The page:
The Government have recently asked the MAC, amongst other things, whether jobs on the SOL should be removed from the list automatically after two years – the rationale being that the SOL is intended to be a short-term measure, not a way of addressing long-term skills shortages. Read More
There is a Government mandate to reduce net migration down from approximately 240,000 to tens of thousands. The recent changes reflect the Government’s aim of reducing the numbers but also being more selective about the migrants the UK needs. These demonstrate that Britain is open for business. It was emphasised that the HO is keen to protect and encourage the UK as a science hub and that is why the changes encourage scientists to come to work and study in the UK. Read More
New Immigration Rules took effect on 6 April that will change the way that research centres, universities and other employers recruit workers from outside of Europe. More changes are due on 14 June 2012.
The extensive set of changes touched on every area of policy for Tier 2 migrants, the ‘skilled worker’ category. There has been a lot of change, and staff in HR, the individual employees and their recruiting managers could be forgiven for losing track. Read More
The Home Office has just released its latest ‘Statement of Intent’ on immigration. There are two bits of good news for science and engineering.
The first is that the Government will be keeping the overall limit on work-related non-EU immigration static at 20,700 per year. There had been some concern that it would be reduced, given the relatively low levels of visas actually taken up last year.
The Campaign for Science and Engineering (CaSE), the UK’s leading independent advocacy group for the sector, welcomed today’s announced exemption of most scientists and engineers from the Government’s new restrictions on settlement rights for migrants. The group had expressed concerns that limiting the length of stay to a maximum of five years could deter some of the world’s brightest talent from considering the UK as a destination. Read More
Today the Government has announced new provisions around settlement, making it harder for immigrants to stay in the country after having been here for five years. Immigrants now have to meet a salary threshold, or be forced to leave the country. When this was first suggested CaSE raised concerns with the Home Office, including via a well-publicised letter to The Times, that this would deter some of the world’s brightest talent from considering the UK as a destination.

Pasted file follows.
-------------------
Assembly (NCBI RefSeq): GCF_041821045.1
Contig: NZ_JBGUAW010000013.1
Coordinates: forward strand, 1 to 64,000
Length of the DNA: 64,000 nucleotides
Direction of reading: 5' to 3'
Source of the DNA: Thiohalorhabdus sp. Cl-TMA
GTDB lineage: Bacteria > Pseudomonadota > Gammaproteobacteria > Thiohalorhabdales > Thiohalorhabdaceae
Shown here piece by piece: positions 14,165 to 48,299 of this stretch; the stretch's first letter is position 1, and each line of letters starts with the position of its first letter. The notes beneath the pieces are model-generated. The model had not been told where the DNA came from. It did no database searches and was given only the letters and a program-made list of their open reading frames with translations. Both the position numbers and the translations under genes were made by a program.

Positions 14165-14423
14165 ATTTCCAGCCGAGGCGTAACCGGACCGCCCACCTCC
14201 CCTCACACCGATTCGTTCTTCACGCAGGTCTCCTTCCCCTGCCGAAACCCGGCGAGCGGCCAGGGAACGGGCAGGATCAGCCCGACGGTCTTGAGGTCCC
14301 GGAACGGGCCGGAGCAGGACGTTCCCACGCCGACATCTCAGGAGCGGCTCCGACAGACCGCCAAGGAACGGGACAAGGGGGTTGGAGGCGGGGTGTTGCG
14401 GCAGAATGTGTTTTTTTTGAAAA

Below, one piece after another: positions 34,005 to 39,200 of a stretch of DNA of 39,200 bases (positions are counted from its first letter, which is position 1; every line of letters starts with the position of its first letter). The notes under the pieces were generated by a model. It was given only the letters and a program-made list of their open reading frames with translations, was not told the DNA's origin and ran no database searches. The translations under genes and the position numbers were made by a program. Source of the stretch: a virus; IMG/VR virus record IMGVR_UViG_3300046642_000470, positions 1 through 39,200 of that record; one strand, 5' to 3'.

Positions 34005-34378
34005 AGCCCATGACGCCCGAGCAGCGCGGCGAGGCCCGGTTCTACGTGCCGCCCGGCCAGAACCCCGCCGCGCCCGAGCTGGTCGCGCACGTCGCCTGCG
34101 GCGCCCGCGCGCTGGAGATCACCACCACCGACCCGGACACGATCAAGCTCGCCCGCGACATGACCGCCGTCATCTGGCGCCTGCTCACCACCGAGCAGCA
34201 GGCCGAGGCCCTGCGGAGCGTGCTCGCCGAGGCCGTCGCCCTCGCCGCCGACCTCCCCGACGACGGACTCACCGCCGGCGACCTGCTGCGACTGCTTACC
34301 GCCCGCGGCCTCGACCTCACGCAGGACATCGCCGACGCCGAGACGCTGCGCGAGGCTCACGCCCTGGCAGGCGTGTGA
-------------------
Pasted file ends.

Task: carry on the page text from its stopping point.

The following is CaSE’s submission to the Liberal Democrat science policy review, dated 20th February 2012. You can access a PDF version of the submission here.
Thank you for your letter of 31st January 2012 inviting CaSE to contribute to your update of Liberal Democrat science policy. I have enclosed some of our reflections on the current state of UK science policy in the three keys areas you identified – money, people, and science in policy – as well as recommendations which we hope your party will be able to implement in Government and for your next manifesto. I hope they are of use to you.
Senior figures from the world of science and engineering have today called for an urgent rethink on the Government’s proposals to drastically limit potential settlement rights for immigrants, warning that the changes could damage the UK’s science and engineering base.
The individuals, who include two former Presidents of the Royal Society and the current Director of the Wellcome Trust, have argued that special consideration needs to be given to the long-term nature of science and engineering research.
CaSE has organised a letter (£, or see below), published in today’s Times, which warns that Government proposals to drastically limit the settlement rights of migrants coming into the UK could seriously damage the country’s science and engineering base.
It comes a year after CaSE organised a first letter to the Times, signed by eight Nobel laureates, protesting against the government’s initial proposals for an immigration cap. For more details about CaSE’s work on this issue see here.
The new letter is signed by twenty individuals from across the science and engineering sector, ranging from industry to higher education, and includes two former Presidents of the Royal Society and the current Director of the country’s biggest research charity, the Wellcome Trust.